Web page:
Football is littered with specialized terminology. From trips to press man, commentators rarely get to explain everything you need to know before the next play. Inside The Pylon’s glossary was developed to give fans a deeper understanding of the game through clear explanations, as well as image and video examples. Please contact us with any terms or phrases you’d like to know more about.
On passing plays, the quarterback has a series of “reads” ‒ a pre-determined order of operations based on the pass pattern each receiver runs. Depending on the route structure and the coverage strategy employed by the secondary, the quarterback begins with his first, or primary, read and ‒ if necessary ‒ works through his progressions until he finds an open receiver.
Arkansas runs the Stick Concept here, with the tight end and one receiver running curl routes while another receiver runs a short out route. The quarterback first checks the TE on the curl route before hitting the receiver’s curl route.
To explain this further, here is some chalk talk: The offense has 12 offensive personnel in a 2X2 alignment ‒ a wide receiver and tight end to each side of the formation. At the top of the still ‒ the offensive right ‒ the Z receiver runs a comeback route. The in-line tight end to the that side runs a post route. The X receiver (bottom of the frame) runs an identical comeback on the left. The tight end ‒ who is a step back from the line ‒ runs a short flat route. The tailback first checks protection, then heads to the flat on the right:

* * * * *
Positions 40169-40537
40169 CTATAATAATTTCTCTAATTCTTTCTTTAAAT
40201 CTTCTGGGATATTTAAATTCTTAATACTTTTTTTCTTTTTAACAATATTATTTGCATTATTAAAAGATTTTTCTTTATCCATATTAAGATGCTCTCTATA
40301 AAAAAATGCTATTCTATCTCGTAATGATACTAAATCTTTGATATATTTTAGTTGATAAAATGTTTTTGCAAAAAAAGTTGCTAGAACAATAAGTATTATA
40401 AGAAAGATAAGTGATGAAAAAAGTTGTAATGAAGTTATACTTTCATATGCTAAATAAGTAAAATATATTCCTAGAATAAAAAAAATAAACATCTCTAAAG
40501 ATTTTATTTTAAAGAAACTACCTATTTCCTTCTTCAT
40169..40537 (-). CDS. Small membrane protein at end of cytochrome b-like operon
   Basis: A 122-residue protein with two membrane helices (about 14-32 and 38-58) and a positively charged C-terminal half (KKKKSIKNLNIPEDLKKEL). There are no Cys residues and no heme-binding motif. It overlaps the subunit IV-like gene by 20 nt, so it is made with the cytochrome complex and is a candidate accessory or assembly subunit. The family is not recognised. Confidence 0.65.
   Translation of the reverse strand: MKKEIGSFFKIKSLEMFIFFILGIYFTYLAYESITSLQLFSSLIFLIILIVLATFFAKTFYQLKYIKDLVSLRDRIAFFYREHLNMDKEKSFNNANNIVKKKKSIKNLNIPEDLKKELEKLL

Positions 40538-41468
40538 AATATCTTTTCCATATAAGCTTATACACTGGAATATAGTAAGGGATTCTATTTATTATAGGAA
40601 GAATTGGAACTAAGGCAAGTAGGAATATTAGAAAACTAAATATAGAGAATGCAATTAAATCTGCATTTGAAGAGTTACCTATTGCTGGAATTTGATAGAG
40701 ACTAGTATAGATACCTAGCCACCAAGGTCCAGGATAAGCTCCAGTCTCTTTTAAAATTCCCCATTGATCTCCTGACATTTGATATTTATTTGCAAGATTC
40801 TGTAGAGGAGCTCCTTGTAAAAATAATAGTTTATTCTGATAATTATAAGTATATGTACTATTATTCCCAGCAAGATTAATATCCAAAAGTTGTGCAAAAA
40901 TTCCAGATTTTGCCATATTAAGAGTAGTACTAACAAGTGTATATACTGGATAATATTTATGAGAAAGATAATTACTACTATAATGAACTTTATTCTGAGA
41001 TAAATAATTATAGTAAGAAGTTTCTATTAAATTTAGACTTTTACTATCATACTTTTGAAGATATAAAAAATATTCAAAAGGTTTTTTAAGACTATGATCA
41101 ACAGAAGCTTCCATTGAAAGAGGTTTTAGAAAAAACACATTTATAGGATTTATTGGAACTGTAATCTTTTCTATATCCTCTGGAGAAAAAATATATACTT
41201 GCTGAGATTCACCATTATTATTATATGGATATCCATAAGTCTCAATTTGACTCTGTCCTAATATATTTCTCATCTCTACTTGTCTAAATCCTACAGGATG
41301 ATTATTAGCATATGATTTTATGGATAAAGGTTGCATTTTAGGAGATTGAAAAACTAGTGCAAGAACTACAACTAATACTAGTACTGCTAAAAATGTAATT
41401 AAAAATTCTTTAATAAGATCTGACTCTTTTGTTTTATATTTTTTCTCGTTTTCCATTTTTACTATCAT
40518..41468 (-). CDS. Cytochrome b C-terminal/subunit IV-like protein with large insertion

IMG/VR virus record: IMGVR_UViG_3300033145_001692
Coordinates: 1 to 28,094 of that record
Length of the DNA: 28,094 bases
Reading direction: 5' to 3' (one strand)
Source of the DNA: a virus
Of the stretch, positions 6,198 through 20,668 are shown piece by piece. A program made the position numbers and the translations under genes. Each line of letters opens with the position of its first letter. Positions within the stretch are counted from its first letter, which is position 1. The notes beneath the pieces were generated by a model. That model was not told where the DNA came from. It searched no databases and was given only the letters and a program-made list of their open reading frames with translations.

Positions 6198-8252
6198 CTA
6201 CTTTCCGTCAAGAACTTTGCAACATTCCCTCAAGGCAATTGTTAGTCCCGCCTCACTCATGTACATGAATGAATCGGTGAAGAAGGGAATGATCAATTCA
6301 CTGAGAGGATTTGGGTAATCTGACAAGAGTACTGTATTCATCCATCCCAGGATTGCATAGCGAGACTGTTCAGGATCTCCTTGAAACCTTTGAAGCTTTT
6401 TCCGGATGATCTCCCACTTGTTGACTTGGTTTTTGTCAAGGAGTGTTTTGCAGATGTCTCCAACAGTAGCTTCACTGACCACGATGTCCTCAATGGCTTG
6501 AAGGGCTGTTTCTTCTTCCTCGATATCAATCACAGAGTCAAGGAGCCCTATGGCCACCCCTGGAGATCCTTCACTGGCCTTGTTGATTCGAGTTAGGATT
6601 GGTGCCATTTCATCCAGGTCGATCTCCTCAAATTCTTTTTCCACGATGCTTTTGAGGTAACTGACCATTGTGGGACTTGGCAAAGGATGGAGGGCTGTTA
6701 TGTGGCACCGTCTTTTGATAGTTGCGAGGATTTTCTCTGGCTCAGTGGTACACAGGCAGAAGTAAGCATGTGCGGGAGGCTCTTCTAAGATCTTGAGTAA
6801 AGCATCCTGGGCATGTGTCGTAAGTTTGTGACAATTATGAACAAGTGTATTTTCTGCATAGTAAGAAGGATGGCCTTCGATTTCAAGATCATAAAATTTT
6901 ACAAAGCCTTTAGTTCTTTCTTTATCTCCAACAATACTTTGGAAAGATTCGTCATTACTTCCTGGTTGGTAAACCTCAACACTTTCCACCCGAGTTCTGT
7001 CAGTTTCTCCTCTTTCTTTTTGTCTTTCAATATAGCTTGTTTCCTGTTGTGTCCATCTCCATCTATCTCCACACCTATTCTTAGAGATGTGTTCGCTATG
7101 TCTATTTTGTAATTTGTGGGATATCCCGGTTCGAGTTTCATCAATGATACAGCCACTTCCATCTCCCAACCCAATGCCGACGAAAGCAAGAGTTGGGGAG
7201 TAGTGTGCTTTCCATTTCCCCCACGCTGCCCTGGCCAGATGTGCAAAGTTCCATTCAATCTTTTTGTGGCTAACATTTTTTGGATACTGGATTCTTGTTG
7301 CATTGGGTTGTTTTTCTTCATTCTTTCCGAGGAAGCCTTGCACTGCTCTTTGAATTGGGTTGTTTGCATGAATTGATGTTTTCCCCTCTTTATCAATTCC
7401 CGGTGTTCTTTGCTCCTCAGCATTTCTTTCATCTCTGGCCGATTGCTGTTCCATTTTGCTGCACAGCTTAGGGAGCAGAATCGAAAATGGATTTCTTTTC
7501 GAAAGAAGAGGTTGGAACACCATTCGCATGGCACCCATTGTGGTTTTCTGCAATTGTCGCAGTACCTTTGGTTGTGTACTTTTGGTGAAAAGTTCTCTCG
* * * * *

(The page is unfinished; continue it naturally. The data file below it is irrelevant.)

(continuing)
Now, if the defense were to run Cover 3 on this play, the quarterback’s first read on this play is to the weak-side of the field:
This sets up a nice look on the left. The deep comeback route is nice against Cover 3, as the outside defensive back does not expect help deep and must run with the WR. He will need to recover quickly when the receiver stops and “comes back” to the ball.
But if that route is covered, the quarterback then looks at the tight end in the left flat who – hopefully – has a step on the linebacker.
Here is the same play, against Cover 2:
Now, the quarterback reads this play to the right side of the field. The first read is the tight end’s post route. A post is a nice option against Cover 2, especially if the two deep safeties widen at the snap to cover the vertical looking comeback patterns outside.
If the safeties stay home in the middle of the field, then this play sets up a nice high-low on the CB to the outside, with Z receiver on the comeback, followed by the running back.
Mark Schofield contributed to this entry.
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